Fewer than 2% of international visitors to Japan venture farther north to the vast, remote, and undeveloped region of Tohoku.
That may change soon as word gets out: The final section of Japan’s longest hiking trail was completed in June.
Stretching more than 600 miles along the Pacific coast, the Michinoku Coastal Trail was conceived after the 2011 earthquake and tsunami as a way to breathe new life into affected areas by promoting their natural wonders and village life.
Named after Tohoku’s ancient nickname (Michinoku means “end of the road”), the trail passes through four prefectures, from Aomori Prefecture’s Hachinohe City in the north and extending the lengths of Iwate and Miyagi prefectures before ending in Fukushima Prefecture’s Soma City in the south.
Covering terrain that ranges from relaxing to challenging, the hike passes shrines and onsen (hot-spring baths), winds through fishing villages selling fresh seafood at markets, climbs rugged coastlines, and cuts through paddies and woodlands.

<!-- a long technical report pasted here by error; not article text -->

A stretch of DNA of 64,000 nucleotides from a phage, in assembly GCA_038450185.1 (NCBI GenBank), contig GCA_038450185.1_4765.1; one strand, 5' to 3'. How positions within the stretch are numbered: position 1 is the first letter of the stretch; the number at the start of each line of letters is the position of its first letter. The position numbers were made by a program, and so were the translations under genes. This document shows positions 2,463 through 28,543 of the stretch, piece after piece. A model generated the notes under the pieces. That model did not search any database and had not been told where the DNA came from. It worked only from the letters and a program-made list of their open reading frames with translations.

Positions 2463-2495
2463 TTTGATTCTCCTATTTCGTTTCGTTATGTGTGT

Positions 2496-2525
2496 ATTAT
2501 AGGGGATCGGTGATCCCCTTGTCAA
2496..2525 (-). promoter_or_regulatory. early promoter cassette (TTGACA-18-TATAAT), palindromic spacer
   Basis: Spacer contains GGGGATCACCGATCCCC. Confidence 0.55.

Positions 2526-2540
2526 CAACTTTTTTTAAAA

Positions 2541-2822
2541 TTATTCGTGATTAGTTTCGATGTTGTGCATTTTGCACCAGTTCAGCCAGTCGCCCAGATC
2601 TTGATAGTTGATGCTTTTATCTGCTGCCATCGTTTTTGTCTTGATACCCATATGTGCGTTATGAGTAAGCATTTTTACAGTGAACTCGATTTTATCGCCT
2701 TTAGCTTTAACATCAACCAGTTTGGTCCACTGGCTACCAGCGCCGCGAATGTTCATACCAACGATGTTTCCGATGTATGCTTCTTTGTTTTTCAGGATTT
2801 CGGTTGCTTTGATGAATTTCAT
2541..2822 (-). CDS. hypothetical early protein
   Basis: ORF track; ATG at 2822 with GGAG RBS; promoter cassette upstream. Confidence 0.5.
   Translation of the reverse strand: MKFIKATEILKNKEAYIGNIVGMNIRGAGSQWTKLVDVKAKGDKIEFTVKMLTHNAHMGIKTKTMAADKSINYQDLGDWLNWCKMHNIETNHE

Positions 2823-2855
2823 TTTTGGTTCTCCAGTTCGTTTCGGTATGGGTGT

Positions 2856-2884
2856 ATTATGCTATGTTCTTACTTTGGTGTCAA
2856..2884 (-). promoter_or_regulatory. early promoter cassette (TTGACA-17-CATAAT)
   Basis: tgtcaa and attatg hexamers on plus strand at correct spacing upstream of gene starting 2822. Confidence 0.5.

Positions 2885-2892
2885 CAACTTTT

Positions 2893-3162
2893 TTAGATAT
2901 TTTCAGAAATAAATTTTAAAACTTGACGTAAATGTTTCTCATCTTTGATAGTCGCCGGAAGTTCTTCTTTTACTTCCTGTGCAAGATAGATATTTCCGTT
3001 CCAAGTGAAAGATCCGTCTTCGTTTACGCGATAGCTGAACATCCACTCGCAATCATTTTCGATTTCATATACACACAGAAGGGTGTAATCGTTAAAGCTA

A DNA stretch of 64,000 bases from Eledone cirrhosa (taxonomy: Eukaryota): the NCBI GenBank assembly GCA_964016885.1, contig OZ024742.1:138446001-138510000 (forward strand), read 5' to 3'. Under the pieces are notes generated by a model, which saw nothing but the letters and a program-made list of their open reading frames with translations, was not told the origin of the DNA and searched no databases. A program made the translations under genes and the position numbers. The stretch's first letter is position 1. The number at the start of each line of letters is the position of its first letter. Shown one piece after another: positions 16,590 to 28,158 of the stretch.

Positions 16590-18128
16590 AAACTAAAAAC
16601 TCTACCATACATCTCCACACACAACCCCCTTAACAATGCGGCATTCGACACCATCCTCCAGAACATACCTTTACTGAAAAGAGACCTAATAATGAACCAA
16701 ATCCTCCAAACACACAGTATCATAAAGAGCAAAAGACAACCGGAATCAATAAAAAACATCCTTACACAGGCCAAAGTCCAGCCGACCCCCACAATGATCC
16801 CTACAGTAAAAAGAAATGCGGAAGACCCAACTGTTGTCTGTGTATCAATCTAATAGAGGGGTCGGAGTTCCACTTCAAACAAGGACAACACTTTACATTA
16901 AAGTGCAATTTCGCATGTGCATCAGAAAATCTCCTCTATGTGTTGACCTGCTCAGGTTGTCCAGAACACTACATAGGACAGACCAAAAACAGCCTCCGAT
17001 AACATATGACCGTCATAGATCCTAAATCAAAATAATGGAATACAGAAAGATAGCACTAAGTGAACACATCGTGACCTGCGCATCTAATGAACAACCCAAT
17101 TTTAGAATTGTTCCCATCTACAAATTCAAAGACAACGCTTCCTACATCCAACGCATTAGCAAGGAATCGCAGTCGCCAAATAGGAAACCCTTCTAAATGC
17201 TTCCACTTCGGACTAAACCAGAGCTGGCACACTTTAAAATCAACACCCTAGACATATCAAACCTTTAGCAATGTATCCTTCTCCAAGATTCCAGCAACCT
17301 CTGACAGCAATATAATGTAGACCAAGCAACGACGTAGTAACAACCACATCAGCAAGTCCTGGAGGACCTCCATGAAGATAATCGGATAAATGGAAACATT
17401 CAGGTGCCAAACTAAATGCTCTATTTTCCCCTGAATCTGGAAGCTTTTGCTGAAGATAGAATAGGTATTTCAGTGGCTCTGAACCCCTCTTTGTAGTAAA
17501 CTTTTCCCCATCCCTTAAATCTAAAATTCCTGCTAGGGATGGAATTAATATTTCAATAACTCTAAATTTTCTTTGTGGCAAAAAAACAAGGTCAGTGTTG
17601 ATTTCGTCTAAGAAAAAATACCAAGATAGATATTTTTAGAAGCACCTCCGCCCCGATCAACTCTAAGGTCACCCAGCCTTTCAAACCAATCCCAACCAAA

It also takes in somber reminders of the tsunami, including a former elementary school now preserved as a memorial and the Rikuzentakata “Miracle Pine Tree,” which miraculously survived the waves that swept everything else away.
But it’s the ocean coastline that’s the biggest draw, with changing vistas of rocky islets, dramatic cliff formations, rafts for farming oysters and scallops, and inviting beaches.
Credit: Iwate Prefecture
It takes a good month or longer to hike the entire length, but there are more than 15 campgrounds plus hotels and ryokan (Japanese inns) along the way. The trail is also divided into distinct sections for easy day hikes.
The official website of the trail is tohoku.env.go.jp/mct/sp/english/.
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